By BlindChristian, The Apple Moron
They fired up the new super collider earlier today and I don’t believe we all got sucked into a newly generated black hole and ripped into zillions of nano bits; meanwhile, Apple announced that the new version of the iPod nano comes with a speech synthesizer and that we blinks can now use it. As I’ve criticized Apple very heavily for accessibility problems in the past, I now want to celebrate the three accessibility announcements they made yesterday.
When I turned on my laptop and retrieved my email this morning, my Inbox lit up with google news alerts regarding Window-Eyes and Apple accessibility. Most of the articles and blog entries that fit through my information filters talked about Window-Eyes 7.0 beta 3 and its support for Apple’s iTunes on Windows based computers. Other alerts told me of the newly accessible nano and I received a very nice email from an Apple employee telling me about improvements to Apple’s accessibility web pages and, specifically, some new content regarding applications that now work with VoiceOver.
I continue to learn more and more about the Macintosh and using it with VoiceOver but I still consider myself an Apple moron, hence the title of today’s article. I want to send out thanks to the Macintosh using friends who have helped me through some problems and provided me with pointers that make the experience as pleasant as possible. I do seem to have an odd problem with iTunes caused when I try to add a large number (over 3000) songs to my library from an external hard disk all at once. At first, iTunes seemed to hang while adding a song, yesterday, after a telephone consultation with a Macintosh/VoiceOver expert friend of mine the program got hung up (its menu in the Dock said “not responding” and, just to make sure, I let it run for a couple more hours without any notable progress) while trying to find the album artwork for an Angelic Upstarts record I forgot I owned. Nonetheless, I still have yet to create an iTunes library from my MP3 collection without allowing the files to be copied from the external disk to the one installed on the laptop. Today, I’ll install and try again with iTunes 8 and turn off the feature that downloads album artwork as I have no imaginable use for it and don’t want to clog up anything with a pile of pictures I can’t see. Of course, one man’s iTunes problems don’t add up to a hill of beans in this world so if I don’t get back on the laptop I might not regret it today but will certainly regret it someday.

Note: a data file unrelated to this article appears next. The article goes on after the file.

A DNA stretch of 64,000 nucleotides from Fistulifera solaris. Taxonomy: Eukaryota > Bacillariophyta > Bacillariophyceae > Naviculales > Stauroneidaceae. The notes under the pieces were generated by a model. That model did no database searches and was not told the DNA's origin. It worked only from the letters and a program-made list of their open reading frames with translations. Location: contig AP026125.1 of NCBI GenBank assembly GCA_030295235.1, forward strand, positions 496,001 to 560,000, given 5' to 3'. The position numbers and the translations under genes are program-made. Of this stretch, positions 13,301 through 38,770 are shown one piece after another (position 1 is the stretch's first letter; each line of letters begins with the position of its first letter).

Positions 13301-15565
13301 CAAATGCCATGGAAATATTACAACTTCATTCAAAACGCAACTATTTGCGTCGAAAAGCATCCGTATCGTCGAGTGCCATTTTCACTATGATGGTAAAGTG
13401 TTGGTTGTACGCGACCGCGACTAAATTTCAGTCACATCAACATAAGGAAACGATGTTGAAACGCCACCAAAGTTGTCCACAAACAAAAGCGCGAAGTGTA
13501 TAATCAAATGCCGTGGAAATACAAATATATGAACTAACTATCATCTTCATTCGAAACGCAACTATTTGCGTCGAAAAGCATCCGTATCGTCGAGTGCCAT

For a long time, iTunes has sort of worked with JAWS with a set of scripts written by a volunteer user but, based on the comments of others, it didn’t work well. I do not have iTunes 8 or Window-Eyes 7 beta 3 installed on any computer to which I have access so I can’t speak to its performance but if it works anywhere nearly as well as it does with VoiceOver, the most widely discussed multimedia program will have really excellent support on Windows.
In the past, I’ve been fairly critical of what I believed was time wasted by screen reader publishers trying to get media players, chat programs and other software supported that do not have a direct effect on employment or education as these, in my mind, represent the most important problems people with vision impairment encounter. I especially find that Freedom Scientific’s decision to permit some previously supported applications (Microsoft Project, OmniPage, etc.) to stop working, which are important to professionals and students alike while pronouncing with excitement support for yet another chat program especially egregious.
Serotek’s approach to the “digital lifestyle” that approaches the screen reading problem with far greater emphasis on home and educational use than on supporting professionals has a lot of merits and does an excellent job of doing what they advertise. GW Micro seems to be looking for a middle ground and, with the addition of its scripting facility, will possibly become the most comprehensive screen reader for Windows relatively soon. These are certainly interesting times.
I’ve drifted way off from the titular subject of this post, specifically things to do with Apple and accessibility. In a few minutes I will install iTunes 8 onto my Macintosh and give it a whirl with VO, later, I will go to the newly updated Macintosh accessibility web pages and peruse the list of supported applications but I will not buy nor try the iPod nano as I’m very happy with my Humanware Vic and really do not need yet another gadget bouncing around in my gear bag.
I commend Apple for taking these steps to improve accessibility to their programs and look forward to whatever they do next in this market niche. I continue to think it is in the best interest of both Apple and the community of people with vision impairment to release VO under a libertyware license so the world of hacking blinks can take a whack at adding new features and fixing the odd bug. For now, though, I will admit that the version of VO that comes with the Leopard operating system releases provides access to virtually all of the application categories that I use with any great frequency and that the development tools that ship with the OS are very cool.